Have you weighed and measured yourself?
Have you written down a specific goal, given it a time frame, made sure it’s reasonable?
Do you have your food journal in front of you right now?
Okay, let’s take a look.
Do you eat three to five times a day? Five seems to be the favourite number, according to people like Pinki Sahota and the Mayo Clinic. Three meals and two snacks, spread out every two to four hours lets your stomach empty so you can relearn what hunger feels like, and done regularly (every single day!) also reassures your body that there will be more food coming.
When we skip meals regularly, we put our bodies in famine mode so everything gets stored for worse times ahead. “Stored” means fat.
Do you eat a lot of a certain food group? Like starches, for example: bread, potatoes, rice, granola…. As we all know, this is my downfall. When I cut them out of my day, my weight plummeted.
Some people consume more fats than they realize: butter or margarine, salad dressing, creamy pasta sauce, peanut butter….
Cutting back on these is a quick way to reduce calories because like starches, they’re very calorie dense.
Calorie dense versus nutrient dense
First of all, let me say that potatoes are good! Whole grains are good! Some fats are not only good, they’re essential!
The balance in starchy foods and in some fats is weighted toward calories over nutrients. So it’s important to make sure we’re getting the nutrition as well as the energy – and that means lots of fruits and vegetables, and lean protein with good fats like plain yogurt and low-fat cheese, nuts and seeds like almonds and ground flax meal, legumes (not much fat in these), and meat or seafood if you’re a carnivore.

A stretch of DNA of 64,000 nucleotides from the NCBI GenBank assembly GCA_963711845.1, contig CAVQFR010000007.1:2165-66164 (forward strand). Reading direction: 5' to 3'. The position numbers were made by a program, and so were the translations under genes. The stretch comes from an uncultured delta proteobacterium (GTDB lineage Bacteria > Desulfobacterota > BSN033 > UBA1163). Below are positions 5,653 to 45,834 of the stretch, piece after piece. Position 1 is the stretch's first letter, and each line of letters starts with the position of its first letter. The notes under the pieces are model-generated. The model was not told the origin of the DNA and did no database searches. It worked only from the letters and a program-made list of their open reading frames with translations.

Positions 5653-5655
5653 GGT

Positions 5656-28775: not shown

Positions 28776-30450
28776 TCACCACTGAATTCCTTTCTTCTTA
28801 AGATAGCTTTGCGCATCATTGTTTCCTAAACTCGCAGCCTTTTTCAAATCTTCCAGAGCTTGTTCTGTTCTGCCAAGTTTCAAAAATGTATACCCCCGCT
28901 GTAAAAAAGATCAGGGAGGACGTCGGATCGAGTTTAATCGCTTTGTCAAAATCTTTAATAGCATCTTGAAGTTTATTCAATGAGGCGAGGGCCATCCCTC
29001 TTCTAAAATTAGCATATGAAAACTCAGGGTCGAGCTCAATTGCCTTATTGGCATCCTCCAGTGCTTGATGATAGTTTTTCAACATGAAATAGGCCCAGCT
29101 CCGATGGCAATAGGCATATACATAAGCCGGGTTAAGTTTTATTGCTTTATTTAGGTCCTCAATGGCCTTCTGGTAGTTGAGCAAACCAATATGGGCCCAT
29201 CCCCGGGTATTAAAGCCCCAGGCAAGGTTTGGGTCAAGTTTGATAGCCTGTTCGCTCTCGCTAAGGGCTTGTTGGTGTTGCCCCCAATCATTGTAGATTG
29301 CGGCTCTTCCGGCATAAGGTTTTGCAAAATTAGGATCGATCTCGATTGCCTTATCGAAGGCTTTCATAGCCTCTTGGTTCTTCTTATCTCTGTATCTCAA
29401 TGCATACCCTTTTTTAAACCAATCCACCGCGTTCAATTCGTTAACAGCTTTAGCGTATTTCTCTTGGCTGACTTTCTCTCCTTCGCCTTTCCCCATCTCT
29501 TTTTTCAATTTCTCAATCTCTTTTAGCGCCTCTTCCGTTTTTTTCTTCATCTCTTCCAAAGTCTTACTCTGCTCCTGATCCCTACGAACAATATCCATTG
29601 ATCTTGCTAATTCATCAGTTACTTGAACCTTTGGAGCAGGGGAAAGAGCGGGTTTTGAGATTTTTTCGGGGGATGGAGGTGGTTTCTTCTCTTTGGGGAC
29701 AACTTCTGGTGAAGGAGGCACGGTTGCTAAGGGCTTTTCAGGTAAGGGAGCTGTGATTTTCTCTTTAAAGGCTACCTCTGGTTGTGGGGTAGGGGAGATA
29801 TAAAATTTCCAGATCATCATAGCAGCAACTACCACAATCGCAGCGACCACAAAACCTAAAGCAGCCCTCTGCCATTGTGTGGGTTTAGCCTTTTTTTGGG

The Mayo Clinic Healthy Weight for EveryBody (probably available at your library: 613.25 MAY) has an excellent description of calorie-dense versus not calorie-dense.
The book also has a really good section with clear photos and tables to help us visualize and really understand serving sizes of different foods, the effect of different activities, and so on.
As you might know from my earlier posts, Fodder and I cut the starches completely at the beginning of our weight-loss trip. No bread, no pasta, no rice or potatoes…and to our surprise we survived quite nicely.
Doesn’t mean we’re never going to eat them again but I gave them up for long enough to break my addiction and to see what a difference a penne-free life can make in the closet.
Most of us probably agree that Albert Einstein was a smart guy and I certainly agree with him on this:
Insanity is doing the same thing over and over and expecting different results.
So tell us: what are you doing differently for the next seven days?